4. Dr Bronner
Bar soaps are best in terms of preventing waste, and Dr Bronner has a range of those, but even its liquid soaps are eco-friendly, coming packaged in a 100% post-consumer recycled plastic bottles.
Mike Bronner, president of Dr Bronner, says: "By turning used plastic bottles into new plastic bottles and products, we help conserve virgin resources, reduce landfill and capitalise on the energy already invested in making existing plastic products."
Dr Bronner baby unscented pure-castile liquid soap, £7.69
Natural beauty brand Bramley made the switch from traditional plastic bottles to more sustainable biopolymer HDPE, which is derived from sugar cane, thereby reducing greenhouse gas emissions.
"We are really excited to be one of the first bath and body companies to change the material of our bottles to biopolymer HDPE," says founder Chloe Luxton.
"Alongside the launch of our one-litre bottles online and the switch to fully recyclable pumps, we are proud that Bramley is working towards a greener future."
Bramley body lotion, £4
Lots of make-up companies are lagging behind in terms of packaging improvements, but there are some notable exceptions, such as Danish brand Miild, which makes allergy and eco-certified cosmetics.
"We take our environmental impact very seriously - any products that can come in cardboard, do," says co-founder Tanja Gregersen.
"That's all of our mineral powders, bronzers, blushers, concealers and eyebrow/eyeshadow kits. It's 12 of our 13-product range currently - the mascara comes in a tube with no outer packaging."
Co-founder Tine Emilie Svendsen adds: "Today, when we meet our customers, we know we've made a difference to every woman who wants to wear make-up with a clear conscience for her body and the environment."
Miild mineral blush in cherise splendid, £30, Klarify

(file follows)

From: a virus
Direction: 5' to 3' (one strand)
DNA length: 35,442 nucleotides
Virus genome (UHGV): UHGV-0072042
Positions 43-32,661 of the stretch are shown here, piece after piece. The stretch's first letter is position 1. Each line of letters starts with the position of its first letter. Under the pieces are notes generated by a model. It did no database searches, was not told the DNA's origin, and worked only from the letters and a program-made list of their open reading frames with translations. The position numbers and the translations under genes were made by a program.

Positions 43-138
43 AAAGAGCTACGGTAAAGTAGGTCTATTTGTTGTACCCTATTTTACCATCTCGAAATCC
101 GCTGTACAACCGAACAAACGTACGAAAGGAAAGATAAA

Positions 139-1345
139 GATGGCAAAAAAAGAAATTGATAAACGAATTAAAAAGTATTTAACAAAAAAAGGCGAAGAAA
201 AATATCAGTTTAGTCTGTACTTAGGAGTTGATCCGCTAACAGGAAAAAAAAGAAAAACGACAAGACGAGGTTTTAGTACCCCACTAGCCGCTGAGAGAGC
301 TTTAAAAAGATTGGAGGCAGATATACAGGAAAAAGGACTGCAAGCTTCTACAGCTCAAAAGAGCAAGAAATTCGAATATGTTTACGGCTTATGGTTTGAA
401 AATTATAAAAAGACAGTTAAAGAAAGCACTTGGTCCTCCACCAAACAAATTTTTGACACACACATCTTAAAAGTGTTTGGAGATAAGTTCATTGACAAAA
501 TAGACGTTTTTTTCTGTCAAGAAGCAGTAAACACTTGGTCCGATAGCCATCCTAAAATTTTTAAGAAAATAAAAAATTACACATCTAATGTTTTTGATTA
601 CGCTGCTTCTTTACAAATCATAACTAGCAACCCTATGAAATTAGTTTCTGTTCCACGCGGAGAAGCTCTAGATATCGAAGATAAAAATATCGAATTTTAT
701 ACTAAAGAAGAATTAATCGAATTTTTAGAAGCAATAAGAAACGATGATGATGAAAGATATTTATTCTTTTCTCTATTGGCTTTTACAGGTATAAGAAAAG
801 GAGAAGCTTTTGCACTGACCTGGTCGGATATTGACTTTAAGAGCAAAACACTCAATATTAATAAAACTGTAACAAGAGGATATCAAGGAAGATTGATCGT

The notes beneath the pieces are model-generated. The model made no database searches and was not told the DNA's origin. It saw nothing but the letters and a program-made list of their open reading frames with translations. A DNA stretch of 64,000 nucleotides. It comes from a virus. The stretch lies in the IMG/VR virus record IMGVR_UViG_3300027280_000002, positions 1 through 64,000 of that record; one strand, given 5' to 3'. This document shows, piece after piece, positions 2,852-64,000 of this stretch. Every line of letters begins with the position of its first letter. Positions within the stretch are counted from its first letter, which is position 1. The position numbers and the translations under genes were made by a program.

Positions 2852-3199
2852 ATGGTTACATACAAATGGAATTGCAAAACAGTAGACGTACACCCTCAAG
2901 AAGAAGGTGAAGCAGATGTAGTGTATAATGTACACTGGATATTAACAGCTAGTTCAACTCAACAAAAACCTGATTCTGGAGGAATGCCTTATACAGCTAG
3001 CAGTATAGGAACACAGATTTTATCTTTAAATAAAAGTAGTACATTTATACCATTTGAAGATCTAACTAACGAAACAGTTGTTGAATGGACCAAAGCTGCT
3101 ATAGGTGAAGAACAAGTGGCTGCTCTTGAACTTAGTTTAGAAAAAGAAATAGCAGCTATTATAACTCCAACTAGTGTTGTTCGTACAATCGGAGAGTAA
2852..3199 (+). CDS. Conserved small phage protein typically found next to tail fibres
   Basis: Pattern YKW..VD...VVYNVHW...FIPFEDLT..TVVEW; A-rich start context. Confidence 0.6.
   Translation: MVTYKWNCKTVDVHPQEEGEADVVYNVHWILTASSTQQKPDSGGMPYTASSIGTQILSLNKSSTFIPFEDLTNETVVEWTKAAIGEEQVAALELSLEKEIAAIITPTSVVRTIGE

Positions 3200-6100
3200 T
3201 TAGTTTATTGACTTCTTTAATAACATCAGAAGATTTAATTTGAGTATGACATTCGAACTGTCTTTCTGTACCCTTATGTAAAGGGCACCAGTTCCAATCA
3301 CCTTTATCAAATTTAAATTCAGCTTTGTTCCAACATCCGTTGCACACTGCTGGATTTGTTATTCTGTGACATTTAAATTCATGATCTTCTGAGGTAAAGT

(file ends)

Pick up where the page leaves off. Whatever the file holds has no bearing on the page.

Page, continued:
Parisian eco luxe brand Cosmydor makes "virtuous cosmetics" and has a no-plastics policy. Packaging is made from glass, aluminium and cardboard, with a priority given to local producers in order to reduce carbon emissions from transport.
Cosmydor E/2 essential care tonka face cream, £35
Yorkshire-based Clockface makes organic vegan products for women and men. All its packaging is recyclable, made from either amber glass or fully recyclable plastic, and wherever possible, is made from recycled material.
Clockface enhanced recovery body oil, clary sage and geranium, £25
9. Natural Deo Co
Looking for an eco-friendly deodorant? The Natural Deo Co creates natural, cruelty-free, vegan-approved balms that are packaged in plastic-free jars.
Natural Deo Co clean deodorant balm orange and bergamot, £11, All Beauty
10. Little Beau Sheep
Easily the most adorable plastic-free product on the market, Little Beau Sheep lanolin soaps come wrapped in 100% wool and adorned with a sweet little sheep face.
When you wet it, the soap lathers up and acts as a flannel, and once the soap runs out, all you have left is a biodegradable ball of wool.
Little Beau Sheep Suffolk sheep felted soap, £9.45
11. Isla Apothecary
Isla Apothecary uses natural, vegan and ethically sourced ingredients for its bath, body, hair and skincare products, which are packaged in recyclable glass jars. The brand's plastic-free philosophy also extends to any orders placed online too, with recyclable boxes and biodegradable packing chips used for delivery.
Isla Apothecary body exfoliant and balm, £34